In my opinion, this is the most appealing form from a conceptual point of view because the public interface of the sequence is representing its semantics most clearly. However, it's not terribly practical because, as we've already seen, overflow occurs after a soberingly finite number of steps. For infinite sequences whose values are bound within a representable range, this would be a good candidate approach, but it's not suitable for the Fibonacci sequence.

Note that this reasoning also rules out the possible alternative implementations of Fibonacci sequences as independent iterator classes or as generator functions.

### 23.3.2 Put a Contract on It

Let's now take the sensible step of putting some contract programming protection into the preincrement operator before we attempt to use the sequence. (The implementation shown in Listing 23.4 corresponds to * Fibonacci_sequence_2.hpp* on the CD.)

#### Listing 23.4. Version 2: Preincrement Operator

class_type& Fibonacci_sequence::const_iterator::operator ++() { STLSOFT_MESSAGE_ASSERT("Exhausted integral type", m_i0 <= m_i1); value_type res = m_i0 + m_i1; m_i0 = m_i1; m_i1 = res; return *this; }

In executing the `std::copy` statement shown previously, we find that the assertion is fired on the increment after output of the value 2,971,215,073. At this point, the previous value was 1,836,311,903, so we would expect `m_i1` to be 4,807,526,976. However, that exceeds the maximum value representable in a 32-bit unsigned integer (4,294,967,295), so the result is truncated (to 512,559,680), and the assertion fires. Hence, although we've managed to iterate 48 items, the last increment left the iterator in an invalid state, an unincrementable state, so there are only actually 47 viable enumerable values from a 32-bit representation.

I want to stress the distinction between providing a usable interface and guarding against misuse, well exemplified in this case. Thus far, our Fibonacci sequence does not have a usable interface—since its failure is a matter of surprise—but now, with the introduction of the assertion, it does have protection against its misuse.

### 23.3.3 Changing Value Type?

Perhaps a solution lies in using a different value type. Obviously, using `uint64_t` is only going to be a small bandage over the problem, allowing us to enumerate 93 steps and get to 7,540,113,804,746,346,429. And once we're there, we still precipitate a contract violation, indicating abuse of the sequence.

Maybe floating point is the way to go? (This implementation corresponds to * Fibonacci_sequence_3.hpp* on the CD.) Alas, no—32-bit

`float`enters INF territory at 187 entries, 64-bit

`double`at 1,478. Furthermore, since the entries in the sequence are not nicely rounded 10

*values, rounding errors creep in as soon as the exponent value reaches the extent of the mantissa.*

^{N}Conceivably, a `BigInt` type using coded decimal evaluation would be able to go infinite, but it would have correspondingly poor performance. (Readers are invited to submit such a solution. In reward I can promise the unquantifiable fame that will come from having your name on the book's Web site.)

### 23.3.4 Constraining Type

To avoid floating-point inaccuracies, we would like to constrain the value type to be integral. To avail ourselves of the maximum range of the type and to catch overflow, we would like to constrain the value type to be unsigned. These constraints are achieved by providing a destructor for the sequence for this very purpose, as shown in Listing 23.5.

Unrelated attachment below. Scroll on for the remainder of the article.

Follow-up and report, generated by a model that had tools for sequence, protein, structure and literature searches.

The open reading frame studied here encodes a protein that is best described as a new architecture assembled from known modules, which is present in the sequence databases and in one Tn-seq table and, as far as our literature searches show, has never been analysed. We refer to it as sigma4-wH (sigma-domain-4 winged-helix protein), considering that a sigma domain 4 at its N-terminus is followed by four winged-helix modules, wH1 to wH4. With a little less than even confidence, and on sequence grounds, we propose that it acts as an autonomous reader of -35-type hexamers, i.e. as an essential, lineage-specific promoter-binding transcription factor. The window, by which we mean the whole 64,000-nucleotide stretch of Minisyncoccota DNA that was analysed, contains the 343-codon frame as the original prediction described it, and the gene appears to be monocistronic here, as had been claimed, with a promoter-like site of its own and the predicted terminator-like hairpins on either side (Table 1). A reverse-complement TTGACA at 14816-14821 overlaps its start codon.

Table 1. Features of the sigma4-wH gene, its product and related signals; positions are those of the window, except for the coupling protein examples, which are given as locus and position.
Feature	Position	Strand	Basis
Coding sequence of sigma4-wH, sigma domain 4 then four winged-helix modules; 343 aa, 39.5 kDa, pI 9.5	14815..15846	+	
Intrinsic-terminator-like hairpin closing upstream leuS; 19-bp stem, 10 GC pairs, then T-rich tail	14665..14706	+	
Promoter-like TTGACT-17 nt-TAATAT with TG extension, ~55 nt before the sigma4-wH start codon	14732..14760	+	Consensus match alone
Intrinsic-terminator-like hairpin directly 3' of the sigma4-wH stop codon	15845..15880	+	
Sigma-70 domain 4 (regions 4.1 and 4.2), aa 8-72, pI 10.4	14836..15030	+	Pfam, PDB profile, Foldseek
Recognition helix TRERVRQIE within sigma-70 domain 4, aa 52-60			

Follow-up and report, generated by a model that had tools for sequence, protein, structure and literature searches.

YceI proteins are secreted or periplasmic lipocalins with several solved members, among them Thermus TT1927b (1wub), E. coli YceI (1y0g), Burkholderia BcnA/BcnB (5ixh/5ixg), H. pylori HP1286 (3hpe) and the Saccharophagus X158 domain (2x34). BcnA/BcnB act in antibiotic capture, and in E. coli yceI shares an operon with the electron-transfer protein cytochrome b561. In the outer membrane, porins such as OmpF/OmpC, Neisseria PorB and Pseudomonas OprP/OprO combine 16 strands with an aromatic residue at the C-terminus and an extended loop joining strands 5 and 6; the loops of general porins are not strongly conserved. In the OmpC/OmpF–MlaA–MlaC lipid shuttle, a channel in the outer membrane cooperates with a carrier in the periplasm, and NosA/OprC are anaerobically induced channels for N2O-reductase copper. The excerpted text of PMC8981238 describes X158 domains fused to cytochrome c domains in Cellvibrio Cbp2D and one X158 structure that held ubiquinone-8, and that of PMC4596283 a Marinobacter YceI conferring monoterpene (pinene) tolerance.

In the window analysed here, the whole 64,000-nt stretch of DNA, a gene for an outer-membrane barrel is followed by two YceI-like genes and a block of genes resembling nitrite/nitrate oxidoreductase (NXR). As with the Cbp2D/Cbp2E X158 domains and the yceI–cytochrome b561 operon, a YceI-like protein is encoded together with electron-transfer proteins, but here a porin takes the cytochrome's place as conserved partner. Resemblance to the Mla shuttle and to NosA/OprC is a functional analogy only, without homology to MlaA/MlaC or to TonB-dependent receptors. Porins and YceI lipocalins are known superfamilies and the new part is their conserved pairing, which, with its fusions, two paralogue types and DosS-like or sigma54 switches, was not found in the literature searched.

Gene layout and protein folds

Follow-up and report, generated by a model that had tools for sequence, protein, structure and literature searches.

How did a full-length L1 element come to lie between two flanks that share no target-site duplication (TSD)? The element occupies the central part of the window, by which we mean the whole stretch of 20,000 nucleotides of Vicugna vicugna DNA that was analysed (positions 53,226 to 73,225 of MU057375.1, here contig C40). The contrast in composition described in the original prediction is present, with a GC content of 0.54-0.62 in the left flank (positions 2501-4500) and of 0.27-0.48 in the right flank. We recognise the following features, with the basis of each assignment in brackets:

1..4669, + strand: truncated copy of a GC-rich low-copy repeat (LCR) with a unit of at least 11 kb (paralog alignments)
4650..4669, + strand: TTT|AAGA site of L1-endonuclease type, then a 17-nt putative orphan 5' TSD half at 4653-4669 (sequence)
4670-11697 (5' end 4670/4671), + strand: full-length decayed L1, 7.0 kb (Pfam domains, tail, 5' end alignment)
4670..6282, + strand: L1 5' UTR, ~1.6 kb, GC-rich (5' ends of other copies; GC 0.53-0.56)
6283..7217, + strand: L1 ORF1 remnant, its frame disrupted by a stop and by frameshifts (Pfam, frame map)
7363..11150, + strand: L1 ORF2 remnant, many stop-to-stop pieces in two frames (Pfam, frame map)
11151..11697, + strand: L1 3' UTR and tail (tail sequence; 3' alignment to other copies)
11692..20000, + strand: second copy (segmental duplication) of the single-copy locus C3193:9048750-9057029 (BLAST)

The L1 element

#### Listing 23.5. Constraints Enforced in the Destructor

Fibonacci_sequence::~Fibonacci_sequence() throw() { using stlsoft::is_integral_type; // Using using declarations . . . using stlsoft::is_signed_type; // . . . to fit in book. ;-) STLSOFT_STATIC_ASSERT(0 !=is_integral_type<value_type>::value); STLSOFT_STATIC_ASSERT(0 ==is_signed_type<value_type>::value); }

You might think it strange to put in such constraints in a non-template class. The reason is simple: Maintenance programmers (including those who maintain their own code, hint, hint) are wont to change things without putting in all the big-picture research (i.e., reading all documentation). By putting in constraints, you are literally constraining any future changes from violating the design assumptions, or at least from doing so without extra thought.

I prefer to place constraints in the destructor of template classes because it's the method we can most rely on being instantiated. In non-template classes, I continue to use it for consistency.

### 23.3.5 Throw `std::overflow_error`?

One possible approach is to change the precondition enforcement assertion to be a legitimate runtime condition and to throw an exception. (The implementation shown in Listing 23.6 corresponds to * Fibonacci_sequence_4.hpp* on the CD.)

#### Listing 23.6. Version 4: Preincrement Operator

class_type& Fibonacci_sequence::const_iterator::operator ++() { if(m_i1 < m_i0) { throw std::overflow_error("Exhausted integral type"); } value_type res = m_i0 + m_i1; . . . // Same as Version 2

Although, in strict terms, this is a legitimate approach, it really doesn't appeal. The so-called exceptional condition is not an unpredictable emergent characteristic of the system at a particular state and time but an entirely predictable and logical consequence of the relationship between the modeled concept and the type used to hold its values. Using an exception in this case just smacks of Java hackery.

I think it's clear at this point that we should either decide to represent the Fibonacci sequence as something that is genuinely infinite, with suitable indicators, or provide a mechanism for providing finite endpoints.